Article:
Kate Rogers, Portfolio Director and Head of Policy at Cazenove Charities shares her thoughts on issues faced by the charity sector in Third Sector Magazine every other month.
I had the pleasure of listening to Darren Walker the President of the Ford Foundation at an event at the LSE in the Autumn. The Foundation, with an endowment of $12 billion, spends over $0.5 billion a year fighting inequality in the belief that this is the defining challenge of our time.
They identify five underlying drivers of inequality; persistent prejudice and discrimination based on gender, race or disability; entrenched cultural narratives that undermine fairness, tolerance, and inclusion; failure to invest in and protect vital public goods such as education and natural resources; unequal access to government decision making and resources and unfair rules of the economy that magnify unequal opportunity and outcomes.
It is the last of these that as investors we may be able to influence. The Ford Foundation certainly believe they can. Their ‘inclusive economies’ programme seeks to encourage business, government and civil society to work together to reduce inequality and promote growth and prosperity for everyone.
There is plenty of evidence to support the fact that economic inequality is unhelpful for economic prosperity over the long term. In the UK, the Equality Trust highlight research showing that high levels of income inequality are associated with economic instability – with more equal societies able to support longer periods of sustainable growth.
Darren Walker would label us, the asset owners and charity investors, as the ‘privileged’. Our generosity is not enough; we must seek justice, interrogating our own behaviours to see how we can bring about change. In his view, capitalism served the privileged well but failed many. For a sustainable future we need our economies to work for more people.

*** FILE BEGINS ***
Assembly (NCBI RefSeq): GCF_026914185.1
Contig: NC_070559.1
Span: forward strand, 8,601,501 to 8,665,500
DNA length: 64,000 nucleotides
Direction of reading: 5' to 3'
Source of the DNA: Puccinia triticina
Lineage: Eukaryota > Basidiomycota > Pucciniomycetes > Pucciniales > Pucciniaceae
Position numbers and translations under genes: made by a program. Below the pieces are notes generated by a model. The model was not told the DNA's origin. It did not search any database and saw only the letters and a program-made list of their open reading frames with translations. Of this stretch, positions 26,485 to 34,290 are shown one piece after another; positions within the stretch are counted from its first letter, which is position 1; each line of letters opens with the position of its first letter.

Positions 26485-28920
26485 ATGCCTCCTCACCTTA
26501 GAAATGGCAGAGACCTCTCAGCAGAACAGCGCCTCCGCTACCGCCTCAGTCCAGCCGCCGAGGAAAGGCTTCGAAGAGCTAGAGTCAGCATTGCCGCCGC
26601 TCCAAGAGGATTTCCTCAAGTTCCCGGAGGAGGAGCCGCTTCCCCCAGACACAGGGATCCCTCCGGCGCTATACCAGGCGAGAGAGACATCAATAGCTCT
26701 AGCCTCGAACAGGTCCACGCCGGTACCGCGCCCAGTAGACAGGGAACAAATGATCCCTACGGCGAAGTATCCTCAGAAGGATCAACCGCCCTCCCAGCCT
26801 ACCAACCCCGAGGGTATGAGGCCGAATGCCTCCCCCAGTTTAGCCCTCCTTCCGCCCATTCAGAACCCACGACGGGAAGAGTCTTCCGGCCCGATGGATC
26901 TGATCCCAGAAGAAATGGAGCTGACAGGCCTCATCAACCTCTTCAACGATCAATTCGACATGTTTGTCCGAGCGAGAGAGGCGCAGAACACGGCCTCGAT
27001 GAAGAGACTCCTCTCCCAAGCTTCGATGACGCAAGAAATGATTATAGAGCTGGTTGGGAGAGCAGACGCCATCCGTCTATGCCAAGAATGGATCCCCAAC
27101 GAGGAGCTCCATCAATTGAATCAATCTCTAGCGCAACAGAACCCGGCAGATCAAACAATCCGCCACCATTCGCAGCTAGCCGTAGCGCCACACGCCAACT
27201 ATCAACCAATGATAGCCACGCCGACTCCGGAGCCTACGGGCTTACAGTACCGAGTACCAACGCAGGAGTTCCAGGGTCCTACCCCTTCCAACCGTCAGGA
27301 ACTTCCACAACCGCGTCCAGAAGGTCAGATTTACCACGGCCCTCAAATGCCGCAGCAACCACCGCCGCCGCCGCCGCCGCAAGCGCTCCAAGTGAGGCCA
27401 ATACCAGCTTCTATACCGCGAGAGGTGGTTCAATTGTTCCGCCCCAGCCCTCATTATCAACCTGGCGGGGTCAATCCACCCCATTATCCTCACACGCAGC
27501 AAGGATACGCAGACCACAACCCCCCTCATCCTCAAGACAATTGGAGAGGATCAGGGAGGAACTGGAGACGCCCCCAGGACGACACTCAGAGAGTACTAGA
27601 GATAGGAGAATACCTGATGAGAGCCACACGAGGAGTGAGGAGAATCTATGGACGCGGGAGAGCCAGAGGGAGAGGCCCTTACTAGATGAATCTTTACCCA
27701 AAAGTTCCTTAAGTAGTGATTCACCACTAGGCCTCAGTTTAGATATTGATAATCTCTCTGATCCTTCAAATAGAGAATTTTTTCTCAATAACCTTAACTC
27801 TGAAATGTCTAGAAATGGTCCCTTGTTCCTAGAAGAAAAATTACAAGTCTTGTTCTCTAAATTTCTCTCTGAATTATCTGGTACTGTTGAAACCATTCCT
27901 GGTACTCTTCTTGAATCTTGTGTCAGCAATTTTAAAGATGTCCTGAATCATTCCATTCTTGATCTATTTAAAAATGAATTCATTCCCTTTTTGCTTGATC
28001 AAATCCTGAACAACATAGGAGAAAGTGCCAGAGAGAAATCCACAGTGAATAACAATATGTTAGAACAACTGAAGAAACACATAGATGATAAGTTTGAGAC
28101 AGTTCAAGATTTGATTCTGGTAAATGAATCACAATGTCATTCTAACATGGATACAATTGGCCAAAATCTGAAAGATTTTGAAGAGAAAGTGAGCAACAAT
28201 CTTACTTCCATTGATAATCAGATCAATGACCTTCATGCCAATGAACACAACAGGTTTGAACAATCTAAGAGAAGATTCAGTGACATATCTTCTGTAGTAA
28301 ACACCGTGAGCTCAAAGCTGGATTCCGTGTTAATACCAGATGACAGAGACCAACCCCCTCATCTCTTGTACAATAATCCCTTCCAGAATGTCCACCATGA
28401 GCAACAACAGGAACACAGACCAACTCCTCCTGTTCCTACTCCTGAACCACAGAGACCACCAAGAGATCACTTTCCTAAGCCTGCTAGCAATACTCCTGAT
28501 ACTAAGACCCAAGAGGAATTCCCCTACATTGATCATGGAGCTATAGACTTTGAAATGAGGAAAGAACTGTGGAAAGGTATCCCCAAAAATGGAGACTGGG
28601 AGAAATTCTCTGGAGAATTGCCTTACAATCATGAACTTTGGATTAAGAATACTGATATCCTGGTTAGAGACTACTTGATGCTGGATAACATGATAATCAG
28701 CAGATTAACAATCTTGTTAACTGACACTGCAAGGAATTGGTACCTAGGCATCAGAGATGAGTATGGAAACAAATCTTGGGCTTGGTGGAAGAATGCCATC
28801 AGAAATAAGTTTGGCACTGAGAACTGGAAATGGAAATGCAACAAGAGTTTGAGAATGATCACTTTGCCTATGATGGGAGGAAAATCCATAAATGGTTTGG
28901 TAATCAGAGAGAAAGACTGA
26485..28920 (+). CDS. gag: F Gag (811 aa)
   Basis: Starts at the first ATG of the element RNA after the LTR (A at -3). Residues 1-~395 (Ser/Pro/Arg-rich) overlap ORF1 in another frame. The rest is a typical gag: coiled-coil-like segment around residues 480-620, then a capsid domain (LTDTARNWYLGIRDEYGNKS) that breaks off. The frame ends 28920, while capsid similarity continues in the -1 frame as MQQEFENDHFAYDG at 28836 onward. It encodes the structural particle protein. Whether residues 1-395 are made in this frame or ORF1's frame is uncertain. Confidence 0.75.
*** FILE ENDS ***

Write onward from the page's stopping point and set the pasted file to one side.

This is a theme picked up by Kate Raworth in her recent book ‘Doughnut Economics’ (and TED talk of the same name). Described as a ‘renegade economist’ she explains how current economic theory has failed us. That the focus on economic growth has led to the destruction of the environment, and favoured the few, amplifying inequality without improving wellbeing.
Instead, she argues that we should be trying to meet the needs of all, within the means of the planet; without valuing growth above all else. The ‘doughnut’ represents the delicate balance between achieving too little for society (the hole in the middle) and achieving too much so that ecological resources are threatened (beyond the outer ring of the doughnut). Economies that achieve this balance would be less likely to be as unequal.
So what can you do, to seek justice, to encourage an inclusive economy? As charity investors you are part-owners of companies and your share holdings give you influence. You can use this position to change the narrative, to encourage businesses to place less value on short term profit metrics and to focus instead on long term sustainability. It might mean that short term financial returns are less attractive as businesses invest for the future but it should enhance the longer term rewards, for you and for the rest of society.